Rather, it's in supplying the world's largest company with varying products depending on the profile of a particular store.
"Wal-Mart doesn't want its vendors to view [the retailer] simply as one customer," explains Alex Huang, who until May was COO of Thermos USA in Rolling Meadows, Ill. Instead, he says, Wal-Mart categorizes its stores by "traits," which vary by seasonality, regional demographics and other factors. Typical traits among the more than 200 that Huang estimates Wal-Mart has include "Back to School" or "NASCAR."
"Based on a [Wal-Mart store's] current trait, we develop products and make suggestions on how to fill the shelves with our products," he says.
Consumer Packaged Goods Sector Digs In to Transaction Data
As you rip into that new bag of "lite" potato chips, do you feel like part of a revolution?
Probably not. More likely you had a twinge of guilt about succumbing to a snack-attack instead of a nice healthy apple.
But the consumer packaged goods industry finds you fascinating, because you have just shone a light on a consumer buying pattern. You have also just handed over a valuable bit of transactional data -- something they crave even more than you do those salty chips.
The collection of transaction data may not seem exciting. But if you're a CPG manufacturer, there's nothing short of a revolution going on, and data is what it's all about.
"As soon as you see customers buying 'lite' potato chips, don't just look at stocking more 'lite' potato chips," says the CIO of one CPG company. "Examine your entire product line. Maybe [it's time to] develop 'lite' cookies, 'lite' crackers, etc., in advance of market consumption."
At a recent meeting of the Retail Industry Leaders Association's Technology Leaders Council, CPG company IT executives testified to the extraordinary value of knowing what sells and where it sells. "It makes a big difference to know that the orange flavor is hanging around, and the lime sells as soon as it hits the store," says one CIO. "It used to take a week for us to know that. Now we can adjust the shelf displays immediately."
Today, many manufacturers look more like global sourcing agents. Many readily identifiable national brands like athletic shoes are owned by companies that don't actually make them, but contract out to factories across the globe to produce those goods to exact specifications. The "manufacturer" has become a designer, a distributor, a marketer and a lifestyle proponent. Its ability to communicate effectively with partners is absolutely essential to the business.
The movement of data within CPG companies and throughout their supply chains is thus the key to blazing corporate growth. Successful retailers send transaction data to manufacturers, and manufacturers send sales data back to retailers.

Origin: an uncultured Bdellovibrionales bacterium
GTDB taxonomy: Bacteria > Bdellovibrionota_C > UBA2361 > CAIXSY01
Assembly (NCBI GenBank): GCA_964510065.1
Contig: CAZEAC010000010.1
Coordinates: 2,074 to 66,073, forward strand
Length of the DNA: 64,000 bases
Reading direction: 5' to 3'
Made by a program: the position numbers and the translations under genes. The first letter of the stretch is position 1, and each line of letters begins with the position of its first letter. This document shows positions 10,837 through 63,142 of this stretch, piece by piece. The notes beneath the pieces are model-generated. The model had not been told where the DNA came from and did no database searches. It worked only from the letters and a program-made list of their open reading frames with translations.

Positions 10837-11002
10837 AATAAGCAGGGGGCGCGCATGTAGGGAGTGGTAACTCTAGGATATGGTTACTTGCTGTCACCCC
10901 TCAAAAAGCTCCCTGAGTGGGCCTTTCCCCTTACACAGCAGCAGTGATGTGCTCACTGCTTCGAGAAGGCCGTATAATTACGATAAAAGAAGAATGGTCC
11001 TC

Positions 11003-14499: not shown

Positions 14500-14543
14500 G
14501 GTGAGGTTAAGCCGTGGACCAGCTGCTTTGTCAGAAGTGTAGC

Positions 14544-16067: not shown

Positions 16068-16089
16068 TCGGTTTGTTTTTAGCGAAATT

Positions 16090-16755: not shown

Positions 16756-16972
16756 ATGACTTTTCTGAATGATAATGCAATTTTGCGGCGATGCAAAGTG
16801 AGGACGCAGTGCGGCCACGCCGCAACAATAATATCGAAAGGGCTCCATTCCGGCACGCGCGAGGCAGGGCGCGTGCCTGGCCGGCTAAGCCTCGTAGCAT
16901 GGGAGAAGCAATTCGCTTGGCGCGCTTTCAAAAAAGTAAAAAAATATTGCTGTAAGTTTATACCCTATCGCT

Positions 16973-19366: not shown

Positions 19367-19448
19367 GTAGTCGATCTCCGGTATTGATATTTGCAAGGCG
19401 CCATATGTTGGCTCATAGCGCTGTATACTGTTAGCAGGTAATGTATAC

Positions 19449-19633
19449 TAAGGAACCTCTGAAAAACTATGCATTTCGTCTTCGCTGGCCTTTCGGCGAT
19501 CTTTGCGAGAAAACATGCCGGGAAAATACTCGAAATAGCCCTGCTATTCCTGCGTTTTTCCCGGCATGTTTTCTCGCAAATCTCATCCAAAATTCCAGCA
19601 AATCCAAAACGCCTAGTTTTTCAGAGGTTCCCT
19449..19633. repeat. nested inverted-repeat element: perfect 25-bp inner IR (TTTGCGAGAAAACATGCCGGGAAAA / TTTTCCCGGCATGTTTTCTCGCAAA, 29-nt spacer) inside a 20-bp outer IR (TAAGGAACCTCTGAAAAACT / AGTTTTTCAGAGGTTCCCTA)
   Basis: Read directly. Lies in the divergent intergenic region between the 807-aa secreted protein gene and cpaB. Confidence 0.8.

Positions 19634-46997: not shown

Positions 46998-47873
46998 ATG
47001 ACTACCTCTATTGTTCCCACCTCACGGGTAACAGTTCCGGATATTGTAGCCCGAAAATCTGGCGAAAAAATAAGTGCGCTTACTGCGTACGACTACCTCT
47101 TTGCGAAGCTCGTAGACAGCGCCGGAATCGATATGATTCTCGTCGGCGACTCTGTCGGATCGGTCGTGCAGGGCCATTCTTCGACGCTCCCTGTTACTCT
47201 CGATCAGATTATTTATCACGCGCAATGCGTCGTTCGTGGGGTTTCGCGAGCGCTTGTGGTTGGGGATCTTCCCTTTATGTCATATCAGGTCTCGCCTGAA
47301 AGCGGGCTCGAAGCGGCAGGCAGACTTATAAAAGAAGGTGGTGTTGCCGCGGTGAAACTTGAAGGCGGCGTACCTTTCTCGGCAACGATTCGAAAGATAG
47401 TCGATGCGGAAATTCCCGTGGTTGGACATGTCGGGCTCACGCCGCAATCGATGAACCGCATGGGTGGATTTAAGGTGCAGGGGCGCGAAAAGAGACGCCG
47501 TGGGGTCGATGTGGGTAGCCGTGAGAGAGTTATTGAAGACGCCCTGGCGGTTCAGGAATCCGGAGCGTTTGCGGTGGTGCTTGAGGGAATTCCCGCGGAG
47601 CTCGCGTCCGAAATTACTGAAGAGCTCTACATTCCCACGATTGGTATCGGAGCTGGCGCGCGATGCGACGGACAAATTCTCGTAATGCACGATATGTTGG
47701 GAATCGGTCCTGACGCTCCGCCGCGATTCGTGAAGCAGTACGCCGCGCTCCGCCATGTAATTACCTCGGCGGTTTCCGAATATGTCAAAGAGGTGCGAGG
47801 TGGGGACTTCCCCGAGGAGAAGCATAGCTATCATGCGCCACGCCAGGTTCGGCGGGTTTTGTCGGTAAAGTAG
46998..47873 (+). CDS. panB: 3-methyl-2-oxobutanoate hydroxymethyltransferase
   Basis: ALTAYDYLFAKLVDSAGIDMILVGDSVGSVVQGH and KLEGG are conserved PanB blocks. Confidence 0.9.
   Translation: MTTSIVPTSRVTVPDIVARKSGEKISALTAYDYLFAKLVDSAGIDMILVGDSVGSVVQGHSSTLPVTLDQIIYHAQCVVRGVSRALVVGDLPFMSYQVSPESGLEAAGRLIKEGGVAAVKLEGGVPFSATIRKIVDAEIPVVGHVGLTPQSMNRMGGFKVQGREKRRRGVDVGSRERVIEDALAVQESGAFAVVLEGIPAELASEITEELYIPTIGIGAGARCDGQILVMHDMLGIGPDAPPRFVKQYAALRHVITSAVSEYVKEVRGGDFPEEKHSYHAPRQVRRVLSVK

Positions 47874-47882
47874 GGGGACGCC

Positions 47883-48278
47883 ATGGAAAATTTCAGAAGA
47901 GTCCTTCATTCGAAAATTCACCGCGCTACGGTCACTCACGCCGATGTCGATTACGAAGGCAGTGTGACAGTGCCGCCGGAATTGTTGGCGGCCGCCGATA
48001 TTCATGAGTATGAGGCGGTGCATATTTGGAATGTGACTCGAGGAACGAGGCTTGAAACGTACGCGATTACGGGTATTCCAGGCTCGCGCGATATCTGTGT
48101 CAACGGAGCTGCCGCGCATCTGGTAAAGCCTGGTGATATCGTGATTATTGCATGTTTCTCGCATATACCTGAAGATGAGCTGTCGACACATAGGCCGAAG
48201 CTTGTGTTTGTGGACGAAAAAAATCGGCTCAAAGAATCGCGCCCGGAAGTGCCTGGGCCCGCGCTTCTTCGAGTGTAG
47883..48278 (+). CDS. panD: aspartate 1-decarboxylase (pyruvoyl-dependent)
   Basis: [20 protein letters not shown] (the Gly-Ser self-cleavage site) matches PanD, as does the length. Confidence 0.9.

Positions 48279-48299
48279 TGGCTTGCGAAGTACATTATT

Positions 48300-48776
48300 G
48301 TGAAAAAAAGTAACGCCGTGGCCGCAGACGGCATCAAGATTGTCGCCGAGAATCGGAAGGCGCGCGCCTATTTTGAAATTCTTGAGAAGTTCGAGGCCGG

The result is a bright light shone on consumer buying patterns and on ways to grow the business. Manufacturers can meet consumer needs before even the consumer is aware of them.
CPG firms are staring at another potential torrent of data -- that proffered by the usage of radio frequency identification. RFID promises to provide unprecedented visibility into the supply chain. Case shipments tagged with RFID chips can be found and moved to the right location quickly. But information about those thousands of shipments could clog data warehouses, flooding data pipelines with low-impact, high-volume junk.
Airing Their Dirty Laundry
Transactional data must be relevant, correct and useful. To that end, retailers and manufacturers are working in a number of forums to ensure that data definitions match. This isn't as simple as it sounds, given that their own houses are rarely in order. But the work can reap huge benefits.
Wal-Mart's RetaiLink is the most famous example of a structured data exchange between a retailer and its suppliers. Buy "lite" chips at a Wal-Mart store, and manufacturers will know that you and your friends are shunning the greasy fried ones. Both Wal-Mart and its suppliers are working from common definitions of products, unit sizes and prices—a model many companies are beginning to follow.
It's a brave new world for CPG, as companies move beyond a focus on just squeezing more costs out of the supply chain. Retailers and manufacturers must redirect their attention to the consumer, and using accurate transaction data is emerging as the best guide along the way.
Cathy Hotka, a former CIO, is principal of Cathy Hotka Associates, a retail consultancy. Write to her at InsiderView@ciodecisions.com.
It's a daunting task. And just one of many facing consumer packaged goods (CPG) firms in an era of specialization and micromarkets, where one size most decidedly no longer fits all.
Increasingly in this land of shampoo and granola bars, coffee mugs and duct tape, that pressure to innovate, once the province of marketing and product-development gurus, is now intimately linked to IT and a CPG company's supply-chain capabilities. In a survey last summer of 166 IT executives at CPG firms, 71% of them with revenue of less than $1 billion, the top ranking area for application investment was speeding time to market for new products (see "The Investment Agenda").
"What used to be the mass market is no more," says Stan Elbaum, an analyst at research firm Aberdeen Group in Boston. "Instead, we have shares of micromarkets." For example, Quaker Oats recently introduced varieties of its cereals aimed at various health-related market segments, such as adults with high blood pressure.
"Continuing to develop innovative products is our No. 1 pressure," says Gene Obrock, vice president of operations at $189 million Henkel Consumer Adhesives Inc., the maker of the Duck Tape brand of duct tape. "But you need to know how to make them cost effectively, and what other products you can shift resources from."
This was first published in June 2005